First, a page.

I was trained in a traditional photographic practice, but as I’ve gotten closer to understanding myself as an artist and what I am trying to express, I’ve found that I have wanted to incorporate sculptural elements in my work to include physical layers such as glass or photographic gels. This changes the experience of viewing a photographic image to get closer at what I’m interested in, which is a feeling that taps into the viewer's unconscious, or that unknown feeling that lies beneath the surface of our understanding.
For years my project’s concepts spoke through the metaphor of landscape photographs of places where energy can’t be seen, such as vortexes and sacred spiritual locations. As I’ve continued to work through my practice, and especially after having two children and transforming into a mother, I’ve been working through my own life’s traumas and have realized that the root of my interest is still in the invisible. Specifically, the invisibility of the subconscious and ideas around psychology, and particularly Carl Jungs philosophies. This opening in my practice has led me to my current work around the Jungian idea of “the Shadow”.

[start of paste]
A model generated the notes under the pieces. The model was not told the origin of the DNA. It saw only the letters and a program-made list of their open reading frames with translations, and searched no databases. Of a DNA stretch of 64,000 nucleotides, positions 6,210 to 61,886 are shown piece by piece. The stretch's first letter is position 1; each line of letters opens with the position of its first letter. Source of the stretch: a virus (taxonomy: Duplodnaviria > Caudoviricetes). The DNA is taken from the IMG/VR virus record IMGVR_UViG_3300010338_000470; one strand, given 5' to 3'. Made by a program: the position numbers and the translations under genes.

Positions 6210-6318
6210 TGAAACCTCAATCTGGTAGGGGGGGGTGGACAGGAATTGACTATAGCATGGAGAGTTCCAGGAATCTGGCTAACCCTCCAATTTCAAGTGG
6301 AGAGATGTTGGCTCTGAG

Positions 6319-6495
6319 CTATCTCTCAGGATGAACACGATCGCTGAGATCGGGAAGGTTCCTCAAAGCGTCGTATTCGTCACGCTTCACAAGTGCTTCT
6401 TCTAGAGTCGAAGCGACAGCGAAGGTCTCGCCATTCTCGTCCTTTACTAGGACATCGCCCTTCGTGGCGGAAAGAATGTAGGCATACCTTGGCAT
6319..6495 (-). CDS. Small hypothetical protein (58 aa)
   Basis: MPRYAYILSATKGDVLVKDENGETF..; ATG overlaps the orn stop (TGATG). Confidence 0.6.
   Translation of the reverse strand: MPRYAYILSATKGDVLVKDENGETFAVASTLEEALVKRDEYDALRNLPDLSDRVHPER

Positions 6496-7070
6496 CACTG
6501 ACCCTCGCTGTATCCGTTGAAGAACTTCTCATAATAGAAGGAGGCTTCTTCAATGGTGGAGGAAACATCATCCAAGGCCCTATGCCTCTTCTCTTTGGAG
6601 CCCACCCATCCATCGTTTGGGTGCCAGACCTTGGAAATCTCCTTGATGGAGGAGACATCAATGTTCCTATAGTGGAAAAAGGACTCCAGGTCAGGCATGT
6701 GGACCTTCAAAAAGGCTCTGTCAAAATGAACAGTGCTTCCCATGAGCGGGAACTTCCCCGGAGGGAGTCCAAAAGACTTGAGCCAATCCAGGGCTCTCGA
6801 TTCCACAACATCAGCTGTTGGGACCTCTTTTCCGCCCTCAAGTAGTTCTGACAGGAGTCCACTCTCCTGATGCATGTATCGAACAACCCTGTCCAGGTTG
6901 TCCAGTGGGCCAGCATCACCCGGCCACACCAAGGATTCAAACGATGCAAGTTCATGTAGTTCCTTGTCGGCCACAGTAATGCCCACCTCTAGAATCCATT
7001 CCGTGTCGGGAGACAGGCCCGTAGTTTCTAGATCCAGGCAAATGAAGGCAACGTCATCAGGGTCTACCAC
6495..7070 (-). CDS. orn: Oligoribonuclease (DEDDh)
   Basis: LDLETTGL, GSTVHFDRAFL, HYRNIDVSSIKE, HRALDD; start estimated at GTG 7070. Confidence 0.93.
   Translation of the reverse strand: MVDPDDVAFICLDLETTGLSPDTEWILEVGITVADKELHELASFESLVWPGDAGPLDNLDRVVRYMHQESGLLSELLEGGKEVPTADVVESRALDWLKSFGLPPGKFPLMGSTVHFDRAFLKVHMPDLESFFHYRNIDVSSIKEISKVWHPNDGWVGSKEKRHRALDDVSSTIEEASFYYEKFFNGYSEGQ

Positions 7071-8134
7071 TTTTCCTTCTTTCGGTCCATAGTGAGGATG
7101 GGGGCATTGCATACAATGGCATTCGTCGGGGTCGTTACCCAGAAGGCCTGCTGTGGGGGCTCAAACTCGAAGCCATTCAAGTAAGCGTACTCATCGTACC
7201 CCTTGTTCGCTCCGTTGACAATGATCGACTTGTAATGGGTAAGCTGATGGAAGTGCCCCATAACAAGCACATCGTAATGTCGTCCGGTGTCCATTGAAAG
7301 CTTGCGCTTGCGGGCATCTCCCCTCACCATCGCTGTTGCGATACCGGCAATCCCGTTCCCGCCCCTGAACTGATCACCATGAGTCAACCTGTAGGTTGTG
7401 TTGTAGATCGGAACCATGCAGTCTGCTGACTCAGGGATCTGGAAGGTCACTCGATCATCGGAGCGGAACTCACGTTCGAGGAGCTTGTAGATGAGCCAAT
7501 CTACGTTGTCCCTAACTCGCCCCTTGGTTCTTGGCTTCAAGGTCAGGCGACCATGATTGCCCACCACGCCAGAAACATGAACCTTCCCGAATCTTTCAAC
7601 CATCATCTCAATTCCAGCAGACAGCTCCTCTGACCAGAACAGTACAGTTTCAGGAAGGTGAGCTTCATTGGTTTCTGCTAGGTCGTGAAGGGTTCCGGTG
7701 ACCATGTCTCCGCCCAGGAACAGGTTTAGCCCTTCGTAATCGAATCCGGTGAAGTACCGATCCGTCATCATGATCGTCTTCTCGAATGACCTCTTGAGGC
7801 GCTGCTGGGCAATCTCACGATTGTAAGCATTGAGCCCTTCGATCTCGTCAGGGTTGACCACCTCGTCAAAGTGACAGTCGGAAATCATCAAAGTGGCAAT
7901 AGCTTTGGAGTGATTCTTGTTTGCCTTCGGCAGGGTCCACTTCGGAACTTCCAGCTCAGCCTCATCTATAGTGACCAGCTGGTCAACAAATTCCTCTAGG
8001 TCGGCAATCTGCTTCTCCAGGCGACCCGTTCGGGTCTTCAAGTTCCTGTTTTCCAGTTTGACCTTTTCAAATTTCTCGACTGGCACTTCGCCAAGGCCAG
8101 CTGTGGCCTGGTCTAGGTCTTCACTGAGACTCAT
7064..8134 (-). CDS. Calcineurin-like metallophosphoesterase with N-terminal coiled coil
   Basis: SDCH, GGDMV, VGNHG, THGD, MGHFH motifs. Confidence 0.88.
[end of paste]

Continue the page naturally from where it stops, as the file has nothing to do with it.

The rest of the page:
“In analytical psychology, the shadow is either an unconscious aspect of the personality that the conscious ego does not identify in itself, or the entirety of the unconscious; that is, everything of which a person is not fully conscious. In short, the shadow is the unknown side.” In this body of work, I layer images offset from each other on Plexiglass over inkjet prints to represent the idea of a shadow self, an idea the psychiatrist Carl Jung spoke about. The layering of Plexiglas over inkjet prints creates a slight physical and visual distance from the two or three images, representing the shadow or hidden part of oneself. Not only does the distance create an actual shadow, it is a literal repetition of the original image, suggesting the layering and complicated make up of ourselves.
Installation Photography by Jeff McLane